Charlie Finley’s Designated Pinch Runners

The memory of Charlie Finley’s pinch runners popped into my head today, and I thought I’d write something about them.  Turns out, though, someone beat me to it.  Here’s a great post from Junk Stats, which really lays out Charlie O’s string of pinch running specialists from 1967 through 1978. [As of late 2017, Junk Stats no longer exists on-line.  Here is a SABR article on career pinch runners.]

I’ve still got my own comments to add, so here goes.

The most famed of Finley’s pinch runners was sprinter Herb Washington, because he wasn’t a baseball player.  He was a world class track star who, according to wikipedia, tied or broke the world’s record in the 50 and 60 yard dashes several times.

Washington only lasted a little over a year as the A’s’ designated pinch runner, because he wasn’t a baseball player.  There’s more to stealing and running the bases than simply being fast.  He got picked off base in the 9th inning of Game 2 of the 1974 World Series by Dodger relief ace Mike Marshall, and that was the beginning of the end of Washington’s baseball career.

How much Finley’s decision to sign Washington in the first place was simply for the publicity and how much was a true baseball decision is a matter for debate.  One thing is certain — Charlie O was really committed to the idea of pinch runners.

One thing that Washington’s career proved, however, is that baseball is better left to the professionals.  All the other pinch runners Finley’s A’s used were real professional ballplayers, even if not major league talents, and they were usually better as pinch runners than Washington was.

Finley’s first full-time pinch runner, Allen “The Panamanian Express” Lewis, had a career .282 minor league batting average.  However, he had no power and didn’t get on base unless he hit safely, so he had no chance of a major league career except for his wheels.

Larry Lintz, the A’s primary pinch runner in 1976 and part of 1977, was actually a player who was highly underrated in his day.  He couldn’t hit for average (MLB career .227) and had no power, but he had a career .336 OBP, which is great for a 2Bman who ran the way he did.

In his only season as a major league semi-regular with the Expos in 1974, Lintz hit a lousy .238 with no power at all, but he still scored 60 runs in only 388 plate appearances because he drew 44 walks and stole 50 bases in 57 attempts.  That kind of player’s value would be recognized today, at least by the money-ball teams.

It’s safe to assume that Herb Washington was probably the fastest player ever to play major league baseball, but Allen Lewis and Larry Lintz were more efficient base stealers by a fairly wide margin, as were most of the A’s other designated pinch runners.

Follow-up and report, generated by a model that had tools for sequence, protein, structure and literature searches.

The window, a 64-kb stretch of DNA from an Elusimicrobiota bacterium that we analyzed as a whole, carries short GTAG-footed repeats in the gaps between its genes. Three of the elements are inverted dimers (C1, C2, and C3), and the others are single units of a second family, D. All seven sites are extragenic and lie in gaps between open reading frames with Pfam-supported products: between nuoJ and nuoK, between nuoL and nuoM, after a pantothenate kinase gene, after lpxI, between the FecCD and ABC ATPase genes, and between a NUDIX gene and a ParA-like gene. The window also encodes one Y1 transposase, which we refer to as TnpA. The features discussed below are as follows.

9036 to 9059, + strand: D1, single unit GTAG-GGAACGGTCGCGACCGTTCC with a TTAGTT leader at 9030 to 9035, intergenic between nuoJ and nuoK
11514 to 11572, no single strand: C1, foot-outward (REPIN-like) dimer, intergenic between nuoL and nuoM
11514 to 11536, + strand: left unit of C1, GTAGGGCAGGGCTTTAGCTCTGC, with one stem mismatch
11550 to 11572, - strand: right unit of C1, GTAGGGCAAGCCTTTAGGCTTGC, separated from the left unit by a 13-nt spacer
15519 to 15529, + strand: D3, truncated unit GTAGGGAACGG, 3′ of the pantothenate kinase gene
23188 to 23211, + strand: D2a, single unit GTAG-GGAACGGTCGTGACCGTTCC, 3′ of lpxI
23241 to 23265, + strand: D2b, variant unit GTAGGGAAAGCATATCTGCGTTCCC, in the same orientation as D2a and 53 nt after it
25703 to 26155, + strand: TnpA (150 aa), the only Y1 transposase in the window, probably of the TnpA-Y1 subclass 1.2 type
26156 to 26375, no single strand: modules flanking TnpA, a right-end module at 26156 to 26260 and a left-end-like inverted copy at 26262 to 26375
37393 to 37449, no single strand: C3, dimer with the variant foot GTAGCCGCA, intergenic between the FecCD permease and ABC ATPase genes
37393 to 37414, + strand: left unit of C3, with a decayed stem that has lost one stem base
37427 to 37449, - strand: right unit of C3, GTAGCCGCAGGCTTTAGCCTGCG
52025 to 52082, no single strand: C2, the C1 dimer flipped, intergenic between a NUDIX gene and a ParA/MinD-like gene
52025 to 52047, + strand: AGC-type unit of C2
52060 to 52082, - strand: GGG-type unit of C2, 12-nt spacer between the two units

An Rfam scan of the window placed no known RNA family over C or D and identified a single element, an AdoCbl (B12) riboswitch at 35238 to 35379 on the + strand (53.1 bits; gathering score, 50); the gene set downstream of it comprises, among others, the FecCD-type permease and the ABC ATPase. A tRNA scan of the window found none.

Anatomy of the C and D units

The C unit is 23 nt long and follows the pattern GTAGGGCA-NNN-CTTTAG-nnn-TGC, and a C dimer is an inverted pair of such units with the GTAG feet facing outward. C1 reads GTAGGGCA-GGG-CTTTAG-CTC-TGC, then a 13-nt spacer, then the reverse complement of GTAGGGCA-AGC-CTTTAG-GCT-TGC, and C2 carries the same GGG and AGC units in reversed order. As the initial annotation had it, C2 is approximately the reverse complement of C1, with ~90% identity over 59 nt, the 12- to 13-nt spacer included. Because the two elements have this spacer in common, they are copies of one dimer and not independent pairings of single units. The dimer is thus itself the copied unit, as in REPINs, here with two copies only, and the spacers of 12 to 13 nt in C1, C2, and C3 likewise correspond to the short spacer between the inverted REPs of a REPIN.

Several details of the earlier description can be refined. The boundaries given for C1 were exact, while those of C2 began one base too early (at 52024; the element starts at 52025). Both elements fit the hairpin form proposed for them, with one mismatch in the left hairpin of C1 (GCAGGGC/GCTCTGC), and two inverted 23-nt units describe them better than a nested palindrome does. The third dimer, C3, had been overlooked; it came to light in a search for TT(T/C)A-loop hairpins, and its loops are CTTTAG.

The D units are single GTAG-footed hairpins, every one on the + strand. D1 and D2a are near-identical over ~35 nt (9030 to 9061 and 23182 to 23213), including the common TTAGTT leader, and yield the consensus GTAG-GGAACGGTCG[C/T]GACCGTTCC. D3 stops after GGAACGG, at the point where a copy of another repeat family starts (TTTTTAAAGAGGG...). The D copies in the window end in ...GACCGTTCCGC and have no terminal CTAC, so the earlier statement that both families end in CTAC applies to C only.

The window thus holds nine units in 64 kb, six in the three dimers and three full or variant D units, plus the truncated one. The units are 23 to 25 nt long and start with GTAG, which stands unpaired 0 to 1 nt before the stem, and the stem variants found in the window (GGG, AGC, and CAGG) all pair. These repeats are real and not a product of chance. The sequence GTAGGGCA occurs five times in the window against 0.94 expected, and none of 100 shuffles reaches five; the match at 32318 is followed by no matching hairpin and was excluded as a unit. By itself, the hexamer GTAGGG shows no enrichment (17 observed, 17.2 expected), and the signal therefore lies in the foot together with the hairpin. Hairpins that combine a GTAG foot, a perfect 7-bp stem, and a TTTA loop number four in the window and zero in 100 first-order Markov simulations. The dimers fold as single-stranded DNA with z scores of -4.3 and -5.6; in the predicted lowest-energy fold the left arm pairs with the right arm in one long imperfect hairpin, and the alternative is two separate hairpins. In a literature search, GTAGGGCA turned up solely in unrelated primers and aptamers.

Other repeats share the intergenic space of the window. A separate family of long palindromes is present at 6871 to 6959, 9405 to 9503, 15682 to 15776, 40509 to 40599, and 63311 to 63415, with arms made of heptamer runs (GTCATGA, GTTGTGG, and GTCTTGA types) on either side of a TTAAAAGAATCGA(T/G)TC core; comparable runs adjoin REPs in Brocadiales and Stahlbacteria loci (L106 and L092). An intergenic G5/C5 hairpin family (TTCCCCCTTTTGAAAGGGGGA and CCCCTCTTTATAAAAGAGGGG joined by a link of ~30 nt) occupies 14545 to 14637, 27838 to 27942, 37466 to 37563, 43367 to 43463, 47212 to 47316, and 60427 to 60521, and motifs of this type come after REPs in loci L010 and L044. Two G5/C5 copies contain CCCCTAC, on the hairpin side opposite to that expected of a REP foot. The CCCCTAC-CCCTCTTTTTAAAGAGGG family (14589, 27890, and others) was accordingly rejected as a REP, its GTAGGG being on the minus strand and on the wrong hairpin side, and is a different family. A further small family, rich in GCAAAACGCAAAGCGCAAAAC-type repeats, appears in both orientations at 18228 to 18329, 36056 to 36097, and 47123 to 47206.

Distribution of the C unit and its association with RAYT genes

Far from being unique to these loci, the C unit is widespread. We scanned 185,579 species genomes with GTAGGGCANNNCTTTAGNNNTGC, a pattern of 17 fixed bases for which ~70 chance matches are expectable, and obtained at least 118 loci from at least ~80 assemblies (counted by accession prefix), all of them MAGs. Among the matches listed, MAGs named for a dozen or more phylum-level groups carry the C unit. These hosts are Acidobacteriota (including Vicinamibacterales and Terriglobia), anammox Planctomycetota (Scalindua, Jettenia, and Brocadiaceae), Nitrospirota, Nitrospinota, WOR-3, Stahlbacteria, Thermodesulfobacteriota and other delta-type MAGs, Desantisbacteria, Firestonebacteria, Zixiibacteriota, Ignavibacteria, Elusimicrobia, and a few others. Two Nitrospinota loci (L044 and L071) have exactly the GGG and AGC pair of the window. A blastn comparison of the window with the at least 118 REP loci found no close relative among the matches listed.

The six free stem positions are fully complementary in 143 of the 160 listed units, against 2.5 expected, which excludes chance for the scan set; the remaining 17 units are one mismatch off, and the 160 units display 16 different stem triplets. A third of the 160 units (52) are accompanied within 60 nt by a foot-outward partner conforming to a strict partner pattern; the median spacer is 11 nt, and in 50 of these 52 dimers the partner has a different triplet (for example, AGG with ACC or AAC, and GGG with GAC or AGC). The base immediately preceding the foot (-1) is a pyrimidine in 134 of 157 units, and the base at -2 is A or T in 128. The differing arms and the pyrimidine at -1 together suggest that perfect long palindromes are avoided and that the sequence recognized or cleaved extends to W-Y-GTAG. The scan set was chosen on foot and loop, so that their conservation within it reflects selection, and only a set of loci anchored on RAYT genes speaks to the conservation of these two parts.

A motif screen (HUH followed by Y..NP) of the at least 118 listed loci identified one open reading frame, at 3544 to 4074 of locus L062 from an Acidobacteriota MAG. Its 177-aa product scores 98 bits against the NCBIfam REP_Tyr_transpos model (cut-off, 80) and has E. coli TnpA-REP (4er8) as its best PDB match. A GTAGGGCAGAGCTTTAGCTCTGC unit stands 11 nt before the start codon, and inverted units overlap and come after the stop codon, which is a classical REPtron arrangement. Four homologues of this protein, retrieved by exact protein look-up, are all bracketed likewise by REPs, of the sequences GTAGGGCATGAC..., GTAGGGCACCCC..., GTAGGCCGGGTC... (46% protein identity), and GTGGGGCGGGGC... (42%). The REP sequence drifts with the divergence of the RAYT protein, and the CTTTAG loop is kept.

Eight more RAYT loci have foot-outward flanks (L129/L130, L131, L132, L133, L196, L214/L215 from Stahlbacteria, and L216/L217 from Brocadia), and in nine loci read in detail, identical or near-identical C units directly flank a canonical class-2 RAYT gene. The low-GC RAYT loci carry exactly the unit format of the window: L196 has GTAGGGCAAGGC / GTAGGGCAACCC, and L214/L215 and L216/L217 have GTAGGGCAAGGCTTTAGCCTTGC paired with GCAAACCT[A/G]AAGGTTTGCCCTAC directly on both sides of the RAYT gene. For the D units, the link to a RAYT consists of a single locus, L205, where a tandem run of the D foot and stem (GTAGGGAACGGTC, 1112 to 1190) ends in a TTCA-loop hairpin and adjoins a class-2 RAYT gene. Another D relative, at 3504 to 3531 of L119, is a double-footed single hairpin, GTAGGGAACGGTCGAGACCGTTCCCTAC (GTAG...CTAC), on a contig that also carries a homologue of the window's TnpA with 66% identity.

One thing I noticed looking at this article by the same author as the Junk Stats piece above, is that Finley appears to have had at least one significant convert to his church of the designated pinch runner.  Chuck Tanner managed the A’s in 1976, and he obviously took the idea with him to Pittsburgh.

In 1978, the Pirates acquired former Oakland pinch runner Matt Alexander, who filled the same role for the Pirates for the next few seasons.  Tanner also used Alberto Luis exclusively as a pinch runner for a period in 1979.

It’s worth noting that keeping a player on the roster for use solely as a pinch runner doesn’t appear to have hurt the A’s or the Pirates at all.  The A’s won five consecutive division titles and three World Series during this period, and the Pirates won their last World Series in 1979.

That being said, it’s hard to imagine any team today devoting a roster spot to a player used exclusively as a pinch runner.  The 1970’s was an era of ten-man pitching staffs.   [or 13 as of 2017] is the norm today.

Also, it’s hard to imagine why any team would really need to keep a player on their roster whose only value is as a pinch runner.  Professional baseball is full of players who are not major league hitters who can run the bases extremely well and play at least one defensive position better than a sweet-swinging regular.   It’s just too easy to find an inexpensive player who can do double duty as a pinch runner and late-inning defensive replacement.

Two recent Giants come to mind:  Darren Ford and Rajai Davis.  (In fairness to Rajai, he eventually developed into enough of a hitter to play regularly the last few seasons.)  I’m sure you can remember a couple from whatever team you root for.

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Explore posts in the same categories: Los Angeles Dodgers, Oakland A's, Pittsburg Pirates, San Francisco Giants, Toronto Blue Jays

2 Comments on “Charlie Finley’s Designated Pinch Runners”

  1. Jacob Says:

    Hey, this is Jacob from JunkStats.

    Thanks for the comments & links. It’s always nice to find other people who share my interest in the oddities and arcana of baseball.


  2. […] Last fall, the KC Royals called up minor-league outfielder Terrance Gore to be their pinch runner in the playoffs. Gore reminded many older observers of A’s pinch runner Herb Washington from the early 70’s: a specialty player who made the roster purely for his speed. […]


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